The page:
They gathered around and hugged her. Two hours later, they wished her good luck and watched her walk to the bus.
The interview was almost a formality. Three students had applied, but only Sandra could type, speak some Italian, and operate the telex, the fax machine and, much to the surprise of the FBI agent and his secretary, repair the new IBM 660 photocopier. She had learned to repair most of the quirky failures of the machine in the Messenger newsroom. That she was familiar with police procedures and the criminal justice system was a bonus.
None of the four women in the apartment wanted to go back to the United States, so they convinced the American Academy to let them sublet the place for the summer. Sandra’s stipend as an FBI intern more than covered her share of the rent and her other costs.
One day in mid-August, Sandra came to work, to find the reception area empty. Agent Redwood was at his desk, intently looking at a report, ear to the handset of his telephone. Strange, she thought, he rarely leaves the door open.
“Ah, Sandra, you’re here. Good.” He put down the handset and motioned her in. “Annabelle is in the hospital. Can you cover the office, or should I ask for a temp?”
“I think I can handle it, sir.”
“That’s what I thought, but I wanted to ask you first. We’ll close up this afternoon and go see her. She should be out of surgery by noon.”
“Collision on the Via Aurelia. One of those little three-wheel trucks tried to run around a flock of sheep and went head-on into Fulvio’s car.” Fulvio was Annabelle O’Brien’s current boyfriend. The relationship was getting serious.
“How is Fulvio?”
“He died at the scene.” He paused. “Will you be okay?”
Sandra took a breath. “Of course. Anything you would like me to do first? Otherwise, I’ll have a look at her desk notes and set up your schedule. I’ll call across the street about our being out this afternoon.” She knew the secretaries who worked for the senior leaders of the Embassy and the MAAG.
“Thanks.” He beamed. “I knew you would rise to this. Do one thing, while I finish analyzing this report from the Polizia. Call down to CPO and ask Henry to come see me tomorrow.”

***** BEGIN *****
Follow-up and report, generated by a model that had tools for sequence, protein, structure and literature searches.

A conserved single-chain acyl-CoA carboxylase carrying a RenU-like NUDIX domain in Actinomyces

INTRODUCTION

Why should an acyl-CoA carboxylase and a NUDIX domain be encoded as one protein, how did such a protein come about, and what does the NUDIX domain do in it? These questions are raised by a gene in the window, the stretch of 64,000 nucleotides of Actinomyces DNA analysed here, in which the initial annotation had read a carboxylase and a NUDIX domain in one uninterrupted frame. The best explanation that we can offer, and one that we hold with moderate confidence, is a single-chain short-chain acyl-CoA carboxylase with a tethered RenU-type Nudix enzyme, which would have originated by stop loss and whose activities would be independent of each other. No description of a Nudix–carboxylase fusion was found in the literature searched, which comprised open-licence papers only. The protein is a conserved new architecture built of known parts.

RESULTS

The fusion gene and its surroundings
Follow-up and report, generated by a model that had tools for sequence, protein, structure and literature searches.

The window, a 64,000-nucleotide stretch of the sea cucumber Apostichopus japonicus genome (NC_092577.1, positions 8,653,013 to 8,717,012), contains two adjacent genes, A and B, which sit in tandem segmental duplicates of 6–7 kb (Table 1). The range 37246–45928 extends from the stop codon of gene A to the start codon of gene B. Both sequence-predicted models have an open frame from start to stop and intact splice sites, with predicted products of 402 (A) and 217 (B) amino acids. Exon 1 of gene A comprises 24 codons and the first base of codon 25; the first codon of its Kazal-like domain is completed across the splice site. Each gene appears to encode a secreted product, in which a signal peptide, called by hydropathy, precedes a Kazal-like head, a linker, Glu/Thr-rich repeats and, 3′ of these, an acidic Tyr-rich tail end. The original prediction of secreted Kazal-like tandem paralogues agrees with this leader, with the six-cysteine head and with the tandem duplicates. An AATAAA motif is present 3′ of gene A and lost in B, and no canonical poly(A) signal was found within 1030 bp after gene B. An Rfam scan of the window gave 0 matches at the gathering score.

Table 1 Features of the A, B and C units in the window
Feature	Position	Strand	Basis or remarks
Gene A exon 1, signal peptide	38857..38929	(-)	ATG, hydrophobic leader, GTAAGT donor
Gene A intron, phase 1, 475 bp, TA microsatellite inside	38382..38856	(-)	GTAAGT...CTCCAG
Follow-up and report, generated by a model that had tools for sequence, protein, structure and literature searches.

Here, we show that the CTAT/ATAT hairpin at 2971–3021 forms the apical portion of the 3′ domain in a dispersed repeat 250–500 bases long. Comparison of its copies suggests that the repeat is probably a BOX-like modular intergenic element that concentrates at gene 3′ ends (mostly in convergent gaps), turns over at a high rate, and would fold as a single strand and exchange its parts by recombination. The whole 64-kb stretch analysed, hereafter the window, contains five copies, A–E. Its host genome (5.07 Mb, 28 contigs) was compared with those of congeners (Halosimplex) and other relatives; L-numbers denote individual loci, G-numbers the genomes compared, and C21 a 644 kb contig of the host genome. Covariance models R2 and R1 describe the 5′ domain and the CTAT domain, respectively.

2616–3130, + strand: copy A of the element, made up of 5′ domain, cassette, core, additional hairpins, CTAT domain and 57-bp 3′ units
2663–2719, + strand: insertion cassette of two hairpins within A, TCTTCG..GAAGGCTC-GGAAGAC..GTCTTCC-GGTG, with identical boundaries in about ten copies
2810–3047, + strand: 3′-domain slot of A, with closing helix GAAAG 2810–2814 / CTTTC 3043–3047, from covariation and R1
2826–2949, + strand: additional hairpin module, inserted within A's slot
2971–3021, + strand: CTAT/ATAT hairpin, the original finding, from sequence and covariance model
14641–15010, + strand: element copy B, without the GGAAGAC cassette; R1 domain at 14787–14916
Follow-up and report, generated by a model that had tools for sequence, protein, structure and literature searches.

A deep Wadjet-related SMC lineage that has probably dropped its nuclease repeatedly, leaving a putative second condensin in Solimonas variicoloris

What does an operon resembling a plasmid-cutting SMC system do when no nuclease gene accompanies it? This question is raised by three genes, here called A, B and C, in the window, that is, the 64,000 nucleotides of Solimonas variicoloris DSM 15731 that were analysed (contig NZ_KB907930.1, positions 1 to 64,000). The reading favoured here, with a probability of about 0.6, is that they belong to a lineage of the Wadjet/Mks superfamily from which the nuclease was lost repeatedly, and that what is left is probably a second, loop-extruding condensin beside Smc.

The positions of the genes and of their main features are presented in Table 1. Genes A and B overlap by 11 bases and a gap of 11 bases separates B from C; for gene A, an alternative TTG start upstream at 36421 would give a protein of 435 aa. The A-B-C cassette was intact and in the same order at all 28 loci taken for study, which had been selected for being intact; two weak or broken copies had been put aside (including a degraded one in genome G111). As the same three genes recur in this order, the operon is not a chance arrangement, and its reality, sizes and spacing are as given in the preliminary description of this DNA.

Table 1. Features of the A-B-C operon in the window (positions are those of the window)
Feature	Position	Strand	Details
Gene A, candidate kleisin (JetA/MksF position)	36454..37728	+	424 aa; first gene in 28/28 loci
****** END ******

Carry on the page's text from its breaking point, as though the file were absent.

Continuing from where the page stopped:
“Do you want me to mention Annabelle?”
“He already knows. If she can’t come back to work for more than two weeks, we need to bring you on as a full-time temp.”
“Yes, sir. I’ll take care of it.”
Salvator Mundi Hospital was on the Janiculum Hill, an oasis among the cool pine trees, where wealthy citizens of ancient Rome built their summer villas. It looked like a holiday resort in an elegant palazzo, but inside it had the bright glare and efficiency of any fully equipped hospital.
The hospital let them see Annabelle for a half-hour, but it was clear that she was not coming back to work. She would be evacuated to the United States in two weeks for reconstructive surgery and then rehabilitation in her hometown.
Jim Redwood considered his secretary silently as they stood there, his hand on hers, Sandra at his side.
“Annabelle,” he said, “what do I do without you? You were here when I arrived. You taught me this place.”
“Not a problem, sir.” She tilted her head slightly at Sandra. “My relief is already onboard.”
“Of course, if she’ll take the job, she’ll be better than I was. She’s even smarter.”
“But I will need to go back to school at some point.”
“Didn’t you say you could stay out a year?”
“That should give this lazy sonofagun plenty of time to find the next secretary. You’ll do fine.”
“Oh, Annabelle. I’ll miss you.”
“I’ll be back, dear. Or maybe I’ll come to see you in DC when I’m better.”
The nurse coughed behind them. They each gave Annabelle a gentle hug and turned to leave.
She turned back. “Yes.”
“You’ll need a place to live. I just renewed the lease on my apartment. Would you mind taking it over? Obviously, you can afford it; I could.”
“Of course. Thank you, Annabelle.”
“The padrone will be delighted not to have to find a new tenant.”
Jim drove the embassy car back to the Annex.
“What time is Henry coming up?”
“Tomorrow at ten.”
“You want the job?”
“The circumstances break my heart, but, yes, I have been trying to find a regular job all summer.”
“It’s yours. Welcome aboard, Signorina Billingsley.”
© 2020, JT Hine